Brethren, is your religion true, and do you know it? (Voices, yes). Yes, you know and realize it; it is written in living, indelible characters on your hearts, which nothing can remove. We are living witnesses of the truth of God and the revelations which He has given to His people in these last days. Well, then, we are not concerned about what the nations of the world can do against it, for they will crumble and totter, and thrones will be cast down, as it is written in the Scriptures. The empires of the earth may be dissolved, and all the nations may crumble to pieces, and wars, and pestilence, and famine may stalk through the earth; this is not our affair; they are not our nations; they are not God's nations. Religionists may squabble, and contend, and quarrel, and live in difficulty, doubt, and uncertainty in relation to their affairs; but that is none of our business, it is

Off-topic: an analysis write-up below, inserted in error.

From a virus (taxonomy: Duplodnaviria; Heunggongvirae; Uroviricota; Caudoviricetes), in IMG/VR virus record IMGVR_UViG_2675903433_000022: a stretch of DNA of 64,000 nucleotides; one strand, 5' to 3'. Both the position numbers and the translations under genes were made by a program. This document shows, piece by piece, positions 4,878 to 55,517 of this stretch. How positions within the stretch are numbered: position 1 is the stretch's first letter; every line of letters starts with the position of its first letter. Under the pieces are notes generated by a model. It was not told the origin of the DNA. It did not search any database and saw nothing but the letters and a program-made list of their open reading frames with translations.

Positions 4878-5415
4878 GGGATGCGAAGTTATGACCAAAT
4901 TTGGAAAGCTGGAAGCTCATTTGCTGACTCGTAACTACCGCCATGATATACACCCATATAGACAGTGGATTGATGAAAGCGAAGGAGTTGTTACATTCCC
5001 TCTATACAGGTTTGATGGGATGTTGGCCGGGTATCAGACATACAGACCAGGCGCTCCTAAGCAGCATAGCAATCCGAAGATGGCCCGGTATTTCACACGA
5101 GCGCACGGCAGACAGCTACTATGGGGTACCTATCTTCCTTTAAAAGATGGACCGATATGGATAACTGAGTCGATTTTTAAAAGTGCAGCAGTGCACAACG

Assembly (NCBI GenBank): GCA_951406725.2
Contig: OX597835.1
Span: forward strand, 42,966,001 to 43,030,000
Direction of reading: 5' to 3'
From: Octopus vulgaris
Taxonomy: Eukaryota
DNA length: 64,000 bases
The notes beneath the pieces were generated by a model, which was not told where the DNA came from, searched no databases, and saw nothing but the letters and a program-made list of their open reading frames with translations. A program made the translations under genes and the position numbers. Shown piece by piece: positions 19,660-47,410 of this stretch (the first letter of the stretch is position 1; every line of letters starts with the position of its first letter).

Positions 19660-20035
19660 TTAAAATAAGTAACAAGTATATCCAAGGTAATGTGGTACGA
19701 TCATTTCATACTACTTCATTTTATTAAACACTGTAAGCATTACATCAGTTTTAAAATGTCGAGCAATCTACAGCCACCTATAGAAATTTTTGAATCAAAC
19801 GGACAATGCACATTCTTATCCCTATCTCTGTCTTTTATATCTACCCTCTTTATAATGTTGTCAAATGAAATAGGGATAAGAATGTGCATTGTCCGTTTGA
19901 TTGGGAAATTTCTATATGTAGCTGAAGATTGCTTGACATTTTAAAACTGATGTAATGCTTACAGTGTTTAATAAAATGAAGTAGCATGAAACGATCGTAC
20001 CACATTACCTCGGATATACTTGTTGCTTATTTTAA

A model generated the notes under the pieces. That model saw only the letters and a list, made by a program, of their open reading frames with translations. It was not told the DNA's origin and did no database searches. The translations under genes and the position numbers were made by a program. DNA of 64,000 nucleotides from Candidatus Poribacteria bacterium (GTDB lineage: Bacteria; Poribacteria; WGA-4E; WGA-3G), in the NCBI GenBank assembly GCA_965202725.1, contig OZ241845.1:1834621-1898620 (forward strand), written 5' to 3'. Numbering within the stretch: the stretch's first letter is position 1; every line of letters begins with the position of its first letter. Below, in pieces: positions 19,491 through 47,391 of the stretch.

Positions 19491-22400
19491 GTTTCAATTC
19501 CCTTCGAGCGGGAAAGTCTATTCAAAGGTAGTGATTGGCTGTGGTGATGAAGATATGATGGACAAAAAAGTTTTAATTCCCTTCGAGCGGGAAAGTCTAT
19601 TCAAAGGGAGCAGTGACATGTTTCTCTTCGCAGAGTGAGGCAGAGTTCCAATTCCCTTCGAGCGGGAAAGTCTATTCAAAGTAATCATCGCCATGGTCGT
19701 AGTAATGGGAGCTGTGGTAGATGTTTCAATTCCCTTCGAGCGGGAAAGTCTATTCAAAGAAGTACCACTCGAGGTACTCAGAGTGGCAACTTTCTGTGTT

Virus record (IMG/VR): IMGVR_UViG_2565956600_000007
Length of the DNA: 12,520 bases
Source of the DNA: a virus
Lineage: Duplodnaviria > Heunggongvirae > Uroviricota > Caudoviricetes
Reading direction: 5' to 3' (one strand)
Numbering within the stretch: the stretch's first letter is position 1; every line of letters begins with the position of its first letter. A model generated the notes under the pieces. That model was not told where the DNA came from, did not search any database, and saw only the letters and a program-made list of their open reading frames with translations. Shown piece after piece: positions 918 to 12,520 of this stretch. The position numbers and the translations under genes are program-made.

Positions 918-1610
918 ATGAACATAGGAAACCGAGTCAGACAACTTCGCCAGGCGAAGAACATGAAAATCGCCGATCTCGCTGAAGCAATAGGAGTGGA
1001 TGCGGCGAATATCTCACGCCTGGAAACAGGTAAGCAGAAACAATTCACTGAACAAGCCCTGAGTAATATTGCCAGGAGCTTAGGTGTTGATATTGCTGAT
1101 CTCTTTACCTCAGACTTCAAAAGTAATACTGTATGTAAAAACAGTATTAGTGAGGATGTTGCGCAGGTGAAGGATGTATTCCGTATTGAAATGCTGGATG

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entirely their own affair. There may be written upon the whole world, religious and political, "Mene, mene, tekel, upharsin." (Thou art weighed in the balances, and art found wanting) What is that to us? It is none of our affair. We are not associated with them; our interest is not bound up with them; they have nothing which we can sustain. In relation to all these matters we feel perfectly easy. If war goes forth and desolates the nations; if confusion exist among religious denominations; and if they should continue to act as they are doing, like perfect fools, it is their own business. The Pope may tremble on his throne, and be afraid that France or some other power will not sustain him; it is not our affair; we feel perfectly easy and tranquil; all is right with us, for we are in the hands of God, and it is his business to take care of his Saints; therefore, we feel perfectly easy, quiet, and peaceable in relation to all these matters.